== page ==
Is Your Personal Trainer De-Training You?


Do you hit the snooze button multiple times in the morning? Do you start bargaining with yourself when it does go off?

“10 more minutes and i’ll get breakfast at the shop.”

“10 more minutes, i don’t need a shower”

“10 more minutes, i’ll just be late”

This is one of the simplest signs that you’re suffering from some form of fatigue. How severe it is depends on many things.

The more fatigued your adrenals are the less you should be training, the shorter your sessions should be and the less percentage of 1rm you should use.

I’ve seen corporate people so overworked, the last thing they need to be doing is getting up EVEN EARLIER in the day and lifting weights. Their long hours, poor nutrition, insulin / caffeine seesaw they ride all day and shitty sleep patterns, has the same effect as over training – without the training..


People don’t realise adding hard training to their life is adding more stress to their life. When you train hard you require the adrenals to produce cortisol to handle the fight or flight response to the weight training/boxing/sprint training/cycle class you just added to your life.

So you are adding to your cumulative stress load by doing something about that rapidly expanding waistline.

It’s a slippery slope.

As a trainer, If you drive people deeper and deeper into fatigue, you are “de-training” someone and creating a ticking time-bomb. They will crack. They will blow out. And they will crumble, and they will think they have no willpower.

Metabolisms slow down, digestion slows down, reproductive processes slow down and anxiety increases.

Results never happen with the chronically overworked and fatigued. They just get sick and unhappy.

Sometimes, based on a proper lifestyle evaluation, you need to tell people that the first thing they need to do on their health and fitness journey is sleep more, repair their digestion and focus on recovering properly from their lifestyle.

One – People find this hard to swallow as they take it personally like “you can’t handle your responsibilities”…. or “you’re not up to the challenge” and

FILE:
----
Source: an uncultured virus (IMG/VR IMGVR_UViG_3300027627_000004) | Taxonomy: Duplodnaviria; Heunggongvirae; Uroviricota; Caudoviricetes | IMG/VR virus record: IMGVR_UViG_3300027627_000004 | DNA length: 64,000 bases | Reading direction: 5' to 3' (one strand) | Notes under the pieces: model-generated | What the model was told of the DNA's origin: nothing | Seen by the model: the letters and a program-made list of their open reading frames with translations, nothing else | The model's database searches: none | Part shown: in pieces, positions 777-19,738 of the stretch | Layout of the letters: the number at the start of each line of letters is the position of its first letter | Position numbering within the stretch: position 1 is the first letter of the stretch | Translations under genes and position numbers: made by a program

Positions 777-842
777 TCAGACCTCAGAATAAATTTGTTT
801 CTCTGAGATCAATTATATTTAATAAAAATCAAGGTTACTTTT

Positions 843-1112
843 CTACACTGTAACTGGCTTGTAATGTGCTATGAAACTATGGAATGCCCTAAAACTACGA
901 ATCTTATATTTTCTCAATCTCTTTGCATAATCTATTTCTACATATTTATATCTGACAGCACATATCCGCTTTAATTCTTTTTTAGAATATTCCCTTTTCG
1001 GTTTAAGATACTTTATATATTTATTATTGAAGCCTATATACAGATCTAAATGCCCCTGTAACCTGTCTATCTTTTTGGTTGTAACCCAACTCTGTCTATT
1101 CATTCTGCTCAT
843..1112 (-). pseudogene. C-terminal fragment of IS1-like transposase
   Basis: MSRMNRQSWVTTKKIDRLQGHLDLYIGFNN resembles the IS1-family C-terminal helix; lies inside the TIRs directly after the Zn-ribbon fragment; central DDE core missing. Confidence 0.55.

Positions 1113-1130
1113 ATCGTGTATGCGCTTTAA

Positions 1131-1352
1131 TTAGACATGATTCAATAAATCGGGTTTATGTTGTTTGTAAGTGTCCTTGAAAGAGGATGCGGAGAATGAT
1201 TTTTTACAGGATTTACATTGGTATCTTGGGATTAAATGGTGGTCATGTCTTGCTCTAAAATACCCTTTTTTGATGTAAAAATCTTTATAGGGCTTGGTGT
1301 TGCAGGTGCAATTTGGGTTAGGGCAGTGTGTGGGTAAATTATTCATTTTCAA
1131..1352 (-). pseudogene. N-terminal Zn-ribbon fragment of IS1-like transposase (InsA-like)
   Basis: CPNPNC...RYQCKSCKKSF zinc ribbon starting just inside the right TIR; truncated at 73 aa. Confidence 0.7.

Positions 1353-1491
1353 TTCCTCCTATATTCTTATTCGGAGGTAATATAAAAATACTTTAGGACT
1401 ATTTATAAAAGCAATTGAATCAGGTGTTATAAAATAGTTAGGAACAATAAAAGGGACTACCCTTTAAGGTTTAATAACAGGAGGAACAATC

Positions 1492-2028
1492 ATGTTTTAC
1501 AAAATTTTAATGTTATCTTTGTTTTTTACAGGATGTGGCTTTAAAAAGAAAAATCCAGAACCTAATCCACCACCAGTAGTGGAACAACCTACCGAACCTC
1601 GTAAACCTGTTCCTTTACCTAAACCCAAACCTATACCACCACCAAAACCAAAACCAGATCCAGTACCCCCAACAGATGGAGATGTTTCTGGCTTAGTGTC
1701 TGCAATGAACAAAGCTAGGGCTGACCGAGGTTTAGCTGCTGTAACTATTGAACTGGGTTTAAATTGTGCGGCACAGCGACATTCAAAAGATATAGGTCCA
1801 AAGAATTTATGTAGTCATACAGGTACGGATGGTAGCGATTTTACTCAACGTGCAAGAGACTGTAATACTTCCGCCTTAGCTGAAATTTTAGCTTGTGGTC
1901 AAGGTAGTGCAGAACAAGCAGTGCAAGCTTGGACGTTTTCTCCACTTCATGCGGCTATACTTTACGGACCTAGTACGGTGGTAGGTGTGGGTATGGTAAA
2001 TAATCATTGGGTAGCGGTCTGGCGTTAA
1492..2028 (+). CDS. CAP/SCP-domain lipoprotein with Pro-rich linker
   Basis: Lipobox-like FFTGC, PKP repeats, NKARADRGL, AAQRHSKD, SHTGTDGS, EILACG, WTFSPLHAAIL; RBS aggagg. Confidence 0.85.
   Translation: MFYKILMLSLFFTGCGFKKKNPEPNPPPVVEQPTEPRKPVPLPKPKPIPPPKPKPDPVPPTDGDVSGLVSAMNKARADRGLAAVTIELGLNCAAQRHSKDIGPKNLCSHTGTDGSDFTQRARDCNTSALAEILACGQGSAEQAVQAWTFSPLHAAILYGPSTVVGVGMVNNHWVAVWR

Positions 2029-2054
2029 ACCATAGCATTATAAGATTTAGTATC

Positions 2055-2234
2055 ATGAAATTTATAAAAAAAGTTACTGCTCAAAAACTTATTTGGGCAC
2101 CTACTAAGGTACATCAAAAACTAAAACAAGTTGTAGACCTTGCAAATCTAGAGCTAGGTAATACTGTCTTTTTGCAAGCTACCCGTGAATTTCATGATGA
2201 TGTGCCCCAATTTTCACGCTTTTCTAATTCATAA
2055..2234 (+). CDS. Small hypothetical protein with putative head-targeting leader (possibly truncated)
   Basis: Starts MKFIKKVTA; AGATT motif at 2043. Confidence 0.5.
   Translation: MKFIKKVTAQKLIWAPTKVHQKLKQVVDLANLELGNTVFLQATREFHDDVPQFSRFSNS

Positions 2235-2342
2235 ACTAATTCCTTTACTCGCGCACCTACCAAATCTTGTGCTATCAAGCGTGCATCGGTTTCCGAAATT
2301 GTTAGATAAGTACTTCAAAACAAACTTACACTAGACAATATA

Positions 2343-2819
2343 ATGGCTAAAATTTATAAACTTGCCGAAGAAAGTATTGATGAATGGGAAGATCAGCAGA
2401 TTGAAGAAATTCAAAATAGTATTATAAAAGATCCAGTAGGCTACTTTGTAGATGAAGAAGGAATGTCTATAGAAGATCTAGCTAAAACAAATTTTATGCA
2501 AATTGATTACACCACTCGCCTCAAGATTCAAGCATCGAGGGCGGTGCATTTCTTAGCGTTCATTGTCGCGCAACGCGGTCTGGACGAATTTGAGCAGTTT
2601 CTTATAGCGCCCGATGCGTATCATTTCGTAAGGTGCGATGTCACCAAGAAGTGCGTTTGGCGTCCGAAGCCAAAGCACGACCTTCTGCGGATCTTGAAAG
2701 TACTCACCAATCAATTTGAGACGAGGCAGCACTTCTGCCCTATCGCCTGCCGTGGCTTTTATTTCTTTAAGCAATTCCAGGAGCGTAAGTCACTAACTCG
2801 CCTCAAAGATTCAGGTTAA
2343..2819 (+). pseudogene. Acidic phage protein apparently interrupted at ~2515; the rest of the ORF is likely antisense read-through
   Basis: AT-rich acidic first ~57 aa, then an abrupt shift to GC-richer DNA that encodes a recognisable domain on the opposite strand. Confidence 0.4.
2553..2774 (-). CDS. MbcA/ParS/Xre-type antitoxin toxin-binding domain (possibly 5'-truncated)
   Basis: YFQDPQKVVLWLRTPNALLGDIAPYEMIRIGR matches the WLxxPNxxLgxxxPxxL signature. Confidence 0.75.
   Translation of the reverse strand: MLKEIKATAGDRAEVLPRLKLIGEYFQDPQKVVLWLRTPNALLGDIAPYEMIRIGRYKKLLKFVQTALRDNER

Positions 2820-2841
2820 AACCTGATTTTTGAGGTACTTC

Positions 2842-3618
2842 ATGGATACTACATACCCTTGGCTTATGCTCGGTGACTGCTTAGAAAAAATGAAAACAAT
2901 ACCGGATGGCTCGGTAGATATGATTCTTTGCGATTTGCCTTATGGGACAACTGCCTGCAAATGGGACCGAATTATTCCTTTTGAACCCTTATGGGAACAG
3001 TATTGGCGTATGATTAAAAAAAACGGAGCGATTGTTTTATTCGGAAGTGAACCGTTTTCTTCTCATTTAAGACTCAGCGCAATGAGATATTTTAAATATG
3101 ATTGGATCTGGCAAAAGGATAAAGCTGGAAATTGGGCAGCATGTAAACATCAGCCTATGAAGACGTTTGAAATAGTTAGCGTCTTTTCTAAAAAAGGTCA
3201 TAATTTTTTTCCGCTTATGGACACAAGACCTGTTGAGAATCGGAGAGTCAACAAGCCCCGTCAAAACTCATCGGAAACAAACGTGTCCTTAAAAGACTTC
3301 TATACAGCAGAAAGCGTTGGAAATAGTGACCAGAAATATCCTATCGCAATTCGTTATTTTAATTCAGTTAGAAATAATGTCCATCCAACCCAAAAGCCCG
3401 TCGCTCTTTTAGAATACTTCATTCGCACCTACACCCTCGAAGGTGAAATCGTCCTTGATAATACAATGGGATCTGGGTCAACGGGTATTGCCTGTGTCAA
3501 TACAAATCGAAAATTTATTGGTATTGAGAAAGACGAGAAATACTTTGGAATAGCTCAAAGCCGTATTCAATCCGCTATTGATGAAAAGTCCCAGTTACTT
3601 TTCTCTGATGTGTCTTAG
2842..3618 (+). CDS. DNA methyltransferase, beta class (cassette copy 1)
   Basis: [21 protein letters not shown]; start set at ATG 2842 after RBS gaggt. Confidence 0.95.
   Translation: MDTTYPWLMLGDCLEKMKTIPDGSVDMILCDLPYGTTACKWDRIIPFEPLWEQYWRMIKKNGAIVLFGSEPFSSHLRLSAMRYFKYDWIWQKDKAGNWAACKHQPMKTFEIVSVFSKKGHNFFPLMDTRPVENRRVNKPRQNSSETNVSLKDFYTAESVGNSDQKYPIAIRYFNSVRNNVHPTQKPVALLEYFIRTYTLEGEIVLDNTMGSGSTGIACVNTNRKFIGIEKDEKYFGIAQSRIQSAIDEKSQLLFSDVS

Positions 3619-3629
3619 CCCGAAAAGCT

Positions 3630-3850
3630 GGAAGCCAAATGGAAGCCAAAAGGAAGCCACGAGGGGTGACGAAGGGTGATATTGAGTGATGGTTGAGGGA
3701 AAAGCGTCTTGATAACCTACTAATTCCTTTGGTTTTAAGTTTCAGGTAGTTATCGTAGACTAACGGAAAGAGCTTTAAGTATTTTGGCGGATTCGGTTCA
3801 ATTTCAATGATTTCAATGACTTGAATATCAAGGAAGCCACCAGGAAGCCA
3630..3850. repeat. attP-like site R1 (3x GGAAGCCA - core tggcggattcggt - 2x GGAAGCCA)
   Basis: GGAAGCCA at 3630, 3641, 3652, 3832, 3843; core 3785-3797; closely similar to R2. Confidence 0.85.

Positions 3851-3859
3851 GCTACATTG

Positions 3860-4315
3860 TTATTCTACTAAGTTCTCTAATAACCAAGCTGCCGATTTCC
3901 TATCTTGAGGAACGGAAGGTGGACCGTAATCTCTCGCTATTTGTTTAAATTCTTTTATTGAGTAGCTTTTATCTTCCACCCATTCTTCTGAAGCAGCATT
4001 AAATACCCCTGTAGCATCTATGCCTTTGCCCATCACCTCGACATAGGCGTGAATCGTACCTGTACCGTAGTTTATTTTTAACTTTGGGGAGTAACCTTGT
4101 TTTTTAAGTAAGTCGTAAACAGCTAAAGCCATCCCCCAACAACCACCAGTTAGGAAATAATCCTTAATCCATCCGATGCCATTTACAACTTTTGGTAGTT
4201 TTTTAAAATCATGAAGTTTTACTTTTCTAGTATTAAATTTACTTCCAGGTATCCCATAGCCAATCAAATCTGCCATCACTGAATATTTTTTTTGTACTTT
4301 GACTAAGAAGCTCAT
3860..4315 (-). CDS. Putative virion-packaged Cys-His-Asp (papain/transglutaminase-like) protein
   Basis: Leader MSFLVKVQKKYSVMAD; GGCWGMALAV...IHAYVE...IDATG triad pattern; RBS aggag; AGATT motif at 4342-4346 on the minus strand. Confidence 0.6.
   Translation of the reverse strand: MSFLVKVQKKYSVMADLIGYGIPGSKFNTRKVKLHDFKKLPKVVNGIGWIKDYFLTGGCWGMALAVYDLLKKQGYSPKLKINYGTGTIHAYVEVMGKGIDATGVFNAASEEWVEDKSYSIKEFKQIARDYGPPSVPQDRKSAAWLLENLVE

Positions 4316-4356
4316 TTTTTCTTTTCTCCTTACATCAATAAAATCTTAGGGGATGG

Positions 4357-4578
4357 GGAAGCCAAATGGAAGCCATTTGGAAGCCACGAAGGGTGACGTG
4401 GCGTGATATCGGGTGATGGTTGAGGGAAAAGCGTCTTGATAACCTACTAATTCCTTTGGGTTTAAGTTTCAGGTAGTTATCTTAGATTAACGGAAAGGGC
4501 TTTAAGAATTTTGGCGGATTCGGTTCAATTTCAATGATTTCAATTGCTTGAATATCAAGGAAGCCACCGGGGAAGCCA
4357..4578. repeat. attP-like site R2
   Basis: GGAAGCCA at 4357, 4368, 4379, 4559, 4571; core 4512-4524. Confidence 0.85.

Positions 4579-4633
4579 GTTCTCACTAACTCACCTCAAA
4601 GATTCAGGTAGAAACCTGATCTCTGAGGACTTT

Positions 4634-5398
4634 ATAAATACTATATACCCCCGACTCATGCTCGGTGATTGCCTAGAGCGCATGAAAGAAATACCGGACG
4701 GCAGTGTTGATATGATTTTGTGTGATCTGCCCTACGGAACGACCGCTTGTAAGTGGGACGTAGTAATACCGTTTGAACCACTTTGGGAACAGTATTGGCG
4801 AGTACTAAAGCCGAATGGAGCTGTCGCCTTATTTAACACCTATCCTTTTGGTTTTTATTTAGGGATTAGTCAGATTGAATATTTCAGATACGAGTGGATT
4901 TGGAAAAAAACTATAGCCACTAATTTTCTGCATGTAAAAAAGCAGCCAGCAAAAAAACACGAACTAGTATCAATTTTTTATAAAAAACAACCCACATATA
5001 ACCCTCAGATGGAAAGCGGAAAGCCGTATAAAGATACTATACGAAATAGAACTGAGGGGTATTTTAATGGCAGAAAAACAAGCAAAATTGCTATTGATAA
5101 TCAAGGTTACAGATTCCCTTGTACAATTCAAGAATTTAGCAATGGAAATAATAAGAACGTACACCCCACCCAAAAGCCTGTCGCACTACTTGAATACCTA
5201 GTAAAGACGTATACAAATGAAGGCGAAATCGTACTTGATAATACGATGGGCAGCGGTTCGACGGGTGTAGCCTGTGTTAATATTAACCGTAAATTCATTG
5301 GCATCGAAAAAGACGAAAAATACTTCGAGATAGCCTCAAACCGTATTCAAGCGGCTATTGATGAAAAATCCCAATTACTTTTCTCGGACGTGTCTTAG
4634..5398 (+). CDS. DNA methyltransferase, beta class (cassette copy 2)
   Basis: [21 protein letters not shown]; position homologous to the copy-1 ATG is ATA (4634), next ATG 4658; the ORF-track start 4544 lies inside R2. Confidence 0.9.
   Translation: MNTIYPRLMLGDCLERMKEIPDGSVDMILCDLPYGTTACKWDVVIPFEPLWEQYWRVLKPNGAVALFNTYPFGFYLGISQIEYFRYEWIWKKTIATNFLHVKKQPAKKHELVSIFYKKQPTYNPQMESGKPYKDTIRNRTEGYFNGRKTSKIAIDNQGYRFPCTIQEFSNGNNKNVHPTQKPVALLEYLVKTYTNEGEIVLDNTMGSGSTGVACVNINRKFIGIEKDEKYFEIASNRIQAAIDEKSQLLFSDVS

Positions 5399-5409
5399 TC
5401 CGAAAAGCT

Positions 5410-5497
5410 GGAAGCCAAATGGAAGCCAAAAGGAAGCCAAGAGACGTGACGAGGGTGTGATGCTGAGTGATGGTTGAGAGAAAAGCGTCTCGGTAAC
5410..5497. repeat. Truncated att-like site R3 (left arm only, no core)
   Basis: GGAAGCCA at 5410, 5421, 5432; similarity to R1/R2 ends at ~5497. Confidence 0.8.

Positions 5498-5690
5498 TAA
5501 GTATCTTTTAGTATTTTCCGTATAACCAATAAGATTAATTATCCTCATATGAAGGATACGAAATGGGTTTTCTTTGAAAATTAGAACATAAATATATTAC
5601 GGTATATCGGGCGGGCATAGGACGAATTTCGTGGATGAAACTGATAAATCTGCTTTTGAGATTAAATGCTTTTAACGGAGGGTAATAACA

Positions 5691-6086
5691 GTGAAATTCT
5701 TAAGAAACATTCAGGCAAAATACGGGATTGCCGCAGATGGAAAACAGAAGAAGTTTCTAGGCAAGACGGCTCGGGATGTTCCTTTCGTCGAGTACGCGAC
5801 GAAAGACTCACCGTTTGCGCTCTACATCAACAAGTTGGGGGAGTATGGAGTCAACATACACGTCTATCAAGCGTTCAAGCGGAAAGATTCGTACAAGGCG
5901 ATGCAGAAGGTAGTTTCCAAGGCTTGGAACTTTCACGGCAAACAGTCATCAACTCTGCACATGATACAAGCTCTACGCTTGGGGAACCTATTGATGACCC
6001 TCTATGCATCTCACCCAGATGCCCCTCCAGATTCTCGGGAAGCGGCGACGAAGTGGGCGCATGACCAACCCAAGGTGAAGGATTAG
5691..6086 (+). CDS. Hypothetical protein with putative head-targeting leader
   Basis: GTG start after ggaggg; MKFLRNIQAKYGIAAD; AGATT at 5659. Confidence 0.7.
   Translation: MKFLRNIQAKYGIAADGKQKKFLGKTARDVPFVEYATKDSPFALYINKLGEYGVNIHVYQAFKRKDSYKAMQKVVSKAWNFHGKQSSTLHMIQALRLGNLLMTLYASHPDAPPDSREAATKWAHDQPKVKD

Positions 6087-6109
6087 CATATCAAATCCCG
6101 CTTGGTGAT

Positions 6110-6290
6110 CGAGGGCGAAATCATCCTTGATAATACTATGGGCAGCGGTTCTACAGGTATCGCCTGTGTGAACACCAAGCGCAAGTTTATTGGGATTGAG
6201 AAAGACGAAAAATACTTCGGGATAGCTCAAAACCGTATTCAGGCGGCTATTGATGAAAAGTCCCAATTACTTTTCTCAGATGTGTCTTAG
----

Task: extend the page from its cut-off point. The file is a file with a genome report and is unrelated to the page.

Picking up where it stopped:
Two – the trainer doesn’t make any money. So usually this level of care gets neglected.

Sometimes less is more.. and it might be very hard for you to trust this advice because all we are ever taught is more is more.

So if you’re reading this and you think this sounds like you – get properly evaluated! You might not need to abandon training all together but you may need to be smart about what you do, when you do it and how you recover.


This is one of those things that requires experience in dealing with people. I’ve been assessing people for 17 years so I’ve gotten very good at observing the signs of adrenal fatigue and asking the right questions to determine where people are at.

That doesn’t help you at all though does it. If you type “adrenal fatigue questionnaire” into google, there are a plethora of questionnaires that will START to give you an idea of where you are at.

Adrenal fatigue is multi faceted, complicated and some people in the medical community still dismiss it as a yuppie disease, but the bottom line is this, the more fatigued you are the smarter you need to train. Here are some simple steps to follow :

Simple Steps To Follow When You’re Tired

When you’re tired you need to respect your nervous system and know the things that will tax it greatly.

The following heavily tax the nervous system

  • No really heavy strength training. Nothing above 80% of 1rm.
  • No really hard sprints or HIIT. We need to leave that nervous system alone. Not neglect it, just not over tax it.  Walking is best here.
  • No personal bests.  Don’t try to break any records.
  • More isolation and machine training than compounds.
  • No training to failure.
  • No olympic lifts or speed / power training. Leave “3-4 reps in the hole” and focus on good technique.

Do some fun workouts!  Remember when training was fun?

  • Some single sets or maybe antagonistic supersets. Do some body weight but no jumping / box jumps / leaps or bounds.
  • No explosive work.
  • Stick to 8-12 rep ranges with simple 2010 tempos.
  • Static stretch for 15 mins after training to shut down the nervous system.
  • Stretch before bed to calm the nervous system.

Hope that helps!

Brad Stocks
Personal Trainer

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